Jim Lauderdale is the songwriter behind dozens of country music's biggest hits including Patty Loveless' 'You Don't Seem to Miss Me,' Mark Chesnutt's 'Gonna Get a Life,' Gary Allan's 'Forever and a Day,' and several George Strait tunes, including 'Where the Sidewalk Ends.'

'Where the Sidewalk Ends' was one of two songs penned by Lauderdale which made the 1992 movie, 'Pure Country,' starring Strait. Lauderdale wrote the tune with the guitar playing great, John Leventhal.

"I had been friends with and played gigs with a John for some time," Lauderdale tells Taste of Country. "We had both lived in New York and played in a lot of the same clubs out there. When I started doing my demos, John began to play guitar on all of them."

"Then he was visiting California, and I went and saw him," continues Lauderdale. "He proposed us writing a song together. He said, 'I’ve got this title called 'Where the Sidewalk Ends.'"

"Where the sidewalk ends and the road begins / We said goodbye on a cold dark night / I'm not afraid to go you bet I'm not / Where the side walk ends, you left a lot," they wrote in the song's opening lines, which also became the tune's chorus.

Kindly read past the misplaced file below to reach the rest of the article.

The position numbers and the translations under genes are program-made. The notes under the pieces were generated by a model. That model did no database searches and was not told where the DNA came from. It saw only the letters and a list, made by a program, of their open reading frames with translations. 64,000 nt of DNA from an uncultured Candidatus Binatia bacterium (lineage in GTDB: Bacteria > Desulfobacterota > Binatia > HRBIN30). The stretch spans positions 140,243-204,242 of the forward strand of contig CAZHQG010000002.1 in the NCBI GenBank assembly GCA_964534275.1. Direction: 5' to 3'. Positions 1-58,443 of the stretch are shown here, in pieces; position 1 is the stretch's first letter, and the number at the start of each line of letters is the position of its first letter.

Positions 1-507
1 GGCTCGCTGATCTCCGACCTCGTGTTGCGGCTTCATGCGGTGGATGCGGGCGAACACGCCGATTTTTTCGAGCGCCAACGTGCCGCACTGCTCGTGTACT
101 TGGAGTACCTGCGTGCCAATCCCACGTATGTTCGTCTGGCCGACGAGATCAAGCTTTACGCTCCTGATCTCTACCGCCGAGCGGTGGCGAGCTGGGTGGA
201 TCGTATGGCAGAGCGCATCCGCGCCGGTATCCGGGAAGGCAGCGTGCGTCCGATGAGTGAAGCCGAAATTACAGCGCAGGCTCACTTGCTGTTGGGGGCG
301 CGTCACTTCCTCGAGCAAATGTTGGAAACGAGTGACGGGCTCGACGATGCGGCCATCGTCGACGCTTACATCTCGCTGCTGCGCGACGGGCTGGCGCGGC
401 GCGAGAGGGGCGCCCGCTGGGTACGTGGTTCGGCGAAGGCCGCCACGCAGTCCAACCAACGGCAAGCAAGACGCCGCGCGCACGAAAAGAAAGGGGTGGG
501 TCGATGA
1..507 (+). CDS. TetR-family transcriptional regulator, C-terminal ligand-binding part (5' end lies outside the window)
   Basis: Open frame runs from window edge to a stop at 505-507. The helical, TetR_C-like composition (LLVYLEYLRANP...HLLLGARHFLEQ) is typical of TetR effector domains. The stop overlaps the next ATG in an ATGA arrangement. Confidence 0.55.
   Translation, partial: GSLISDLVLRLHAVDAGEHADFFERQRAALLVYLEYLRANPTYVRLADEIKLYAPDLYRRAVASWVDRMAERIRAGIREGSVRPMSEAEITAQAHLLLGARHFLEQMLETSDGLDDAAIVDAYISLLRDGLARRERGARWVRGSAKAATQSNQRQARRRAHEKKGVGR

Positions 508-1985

"When he said that, this melody came out of me, and then we started finishing each others' sentences with lyrics and melody," recalls Lauderdale.

"Some people leave and never come back / Some stay in touch, some lose track / Your mind kept saying come on let's go / You started learning what you don't need to know," they continued to write in the song.

"He went back to his home studio and demoed the song," Lauderdale says. "I came in and sang on it. That was our very first song written together. It came together real quickly. And then we went on to write a lot more together after that."

The song was added to the 'Pure Country' movie and soundtrack, along with Lauderdale's self-penned tune, 'The King of Broken Hearts.'

"Those two songs were my first two George Strait cuts," says Lauderdale, who in recent years has also been the co-writer on Strait's 'Twang' and 'I Gotta Get to You,' as well as 'We Really Shouldn't Be Doing This' and 'Don't Make Me Come Over There and Love You.' "I then found out that he had recorded them on the ‘Pure Country’ movie and soundtrack. They were also on a record of mine that John co-produced with Rodney Crowell called 'Planet of Love.'"

Watch Jim Lauderdale Perform 'Where the Sidewalk Ends' Live